I’ve known for a while that there’s something special about Facebook when compared to other social networks. It’s for friends, but many of the people on there aren’t actually my friends. It’s for family, but it doesn’t actually involve much of my family. It’s serious, but I can never figure out why.
A perfect example of this is what and when I’m willing to share on Facebook. As an example, assume that I have just been diagnosed with a terminal illness (or, perchance to lift the mood, a non-terminal mental illness**). What do I do? I’d tell my fiancee. My best friend. My parents and some of my family. Work? Maybe. I might even end up telling strangers in the pub. But I don’t think I’d admit it on Facebook, ever. Because Becky – some woman I knew when I was 11 – might be reading it.
As if I care what she thinks, given that we’ve not spoken in nearly 15 years. I didn’t even like her back then, to be honest. What an asshole***.
It’s nonsense, but doubly so because Twitter’s a stark contrast. Twitter is probably the fifth thing on the list of “who I’d tell”, and even then only because my best friend does follow me on Twitter and that’d be a crummy way to find out. Let’s be clear here: many of the people who follow me on Twitter I barely know. In fact, some (very few) of them I genuinely dislike. Twitter is a much more open platform where I could accidentally reveal something about myself to all sorts of people I wouldn’t normally admit such things to.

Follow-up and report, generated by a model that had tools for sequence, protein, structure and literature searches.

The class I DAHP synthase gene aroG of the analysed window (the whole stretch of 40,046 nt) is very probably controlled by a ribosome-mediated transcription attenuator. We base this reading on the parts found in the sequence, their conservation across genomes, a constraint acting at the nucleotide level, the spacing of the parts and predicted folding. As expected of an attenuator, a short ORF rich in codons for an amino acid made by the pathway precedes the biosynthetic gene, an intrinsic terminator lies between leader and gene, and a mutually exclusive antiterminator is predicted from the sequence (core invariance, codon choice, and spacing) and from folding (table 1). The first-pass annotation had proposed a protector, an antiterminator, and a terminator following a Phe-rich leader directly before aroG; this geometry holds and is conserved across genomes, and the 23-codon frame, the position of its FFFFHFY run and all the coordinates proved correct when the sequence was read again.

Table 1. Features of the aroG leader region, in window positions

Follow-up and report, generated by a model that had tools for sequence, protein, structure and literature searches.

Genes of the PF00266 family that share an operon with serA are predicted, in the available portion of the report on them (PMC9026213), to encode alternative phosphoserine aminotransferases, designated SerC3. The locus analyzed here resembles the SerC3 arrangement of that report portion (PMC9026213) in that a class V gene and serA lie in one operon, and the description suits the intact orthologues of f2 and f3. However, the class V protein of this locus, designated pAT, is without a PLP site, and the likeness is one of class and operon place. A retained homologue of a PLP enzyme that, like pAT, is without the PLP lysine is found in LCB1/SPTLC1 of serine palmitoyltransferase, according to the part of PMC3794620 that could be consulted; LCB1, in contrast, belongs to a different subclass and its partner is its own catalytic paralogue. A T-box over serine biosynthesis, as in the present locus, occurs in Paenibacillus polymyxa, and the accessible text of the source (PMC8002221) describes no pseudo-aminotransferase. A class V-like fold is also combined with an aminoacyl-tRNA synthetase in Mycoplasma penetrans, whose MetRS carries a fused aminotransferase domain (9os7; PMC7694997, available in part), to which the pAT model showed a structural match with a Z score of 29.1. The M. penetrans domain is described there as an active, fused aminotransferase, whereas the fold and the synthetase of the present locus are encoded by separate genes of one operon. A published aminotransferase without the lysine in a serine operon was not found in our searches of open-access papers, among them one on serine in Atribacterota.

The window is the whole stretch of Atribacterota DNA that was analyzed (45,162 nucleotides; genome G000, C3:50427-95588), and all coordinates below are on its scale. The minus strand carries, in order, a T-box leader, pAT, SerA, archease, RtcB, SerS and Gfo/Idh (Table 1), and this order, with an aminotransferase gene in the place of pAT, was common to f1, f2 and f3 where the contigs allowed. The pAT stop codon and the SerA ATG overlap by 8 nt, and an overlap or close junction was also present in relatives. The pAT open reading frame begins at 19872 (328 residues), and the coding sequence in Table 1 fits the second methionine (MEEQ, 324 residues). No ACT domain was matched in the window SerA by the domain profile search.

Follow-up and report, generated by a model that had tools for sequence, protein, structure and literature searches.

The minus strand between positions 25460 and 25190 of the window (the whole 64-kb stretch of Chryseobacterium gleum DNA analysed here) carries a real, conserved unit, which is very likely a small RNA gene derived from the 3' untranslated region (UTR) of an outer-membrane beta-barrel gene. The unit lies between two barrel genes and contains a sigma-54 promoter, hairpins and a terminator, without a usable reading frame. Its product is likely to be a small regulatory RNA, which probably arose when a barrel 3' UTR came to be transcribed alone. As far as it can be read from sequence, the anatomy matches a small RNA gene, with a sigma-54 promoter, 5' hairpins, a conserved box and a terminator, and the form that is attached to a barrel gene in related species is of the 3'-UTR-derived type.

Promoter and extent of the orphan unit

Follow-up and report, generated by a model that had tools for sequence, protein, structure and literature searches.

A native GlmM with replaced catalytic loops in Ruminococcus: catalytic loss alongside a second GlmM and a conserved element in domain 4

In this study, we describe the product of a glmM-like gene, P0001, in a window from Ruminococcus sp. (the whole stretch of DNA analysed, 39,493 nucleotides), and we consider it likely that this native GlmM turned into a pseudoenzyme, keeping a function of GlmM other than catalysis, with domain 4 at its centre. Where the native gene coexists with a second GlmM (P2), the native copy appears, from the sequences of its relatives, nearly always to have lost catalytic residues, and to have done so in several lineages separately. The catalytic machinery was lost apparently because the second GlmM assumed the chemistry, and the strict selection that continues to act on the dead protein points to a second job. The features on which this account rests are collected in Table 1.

Yet… I’d seriously consider even putting it in my Bio. Literally anyone could read that.
All of this thinking has lead me to an interesting conclusion: Twitter is my emergent family member. I mean that in the sense of “emergent behavior”, where a set of basic rules gives rise to properties which simply can’t be anticipated from the basic rules (see: Conway’s Game of Life). Despite all logic, I essentially treat my Twitter feed as the fifth member of my local family (Dad, Mum, Fiancee, Best Friend, Twitter [order negotiable]).
Contrast this to Facebook, where I essentially treat it as if it were the most far removed person in my “friends” network; Becky. I find this absurd because Facebook is supposed to be this network where I am allowed to be myself, but the properties which emerge from its design give rise to this alienation from my true self. On Twitter, I am myself. On Facebook, I am The Successful And Mostly Happy Steve, Who Is Totally An Adult Now.
But where am I really going with this? Back to Twitter, really. Something about Twitter’s emergent personality makes it a good friend. When I’m unhappy, I invariably find consolation from my feed. When I’m excited or successful, Twitter wastes no time making sure I know I’m right to be elated. Twitter puts up with my shit on the bad days, and in return I make the effort to be cheerful whenever my feed seems to need it. This is exactly the relationship I get from my local family.
Twitter is a family member. I’m grateful for that.
** Let’s be clear here – I haven’t, but it could happen to anyone. I am someone!
*** Becky is clearly a pseudonym.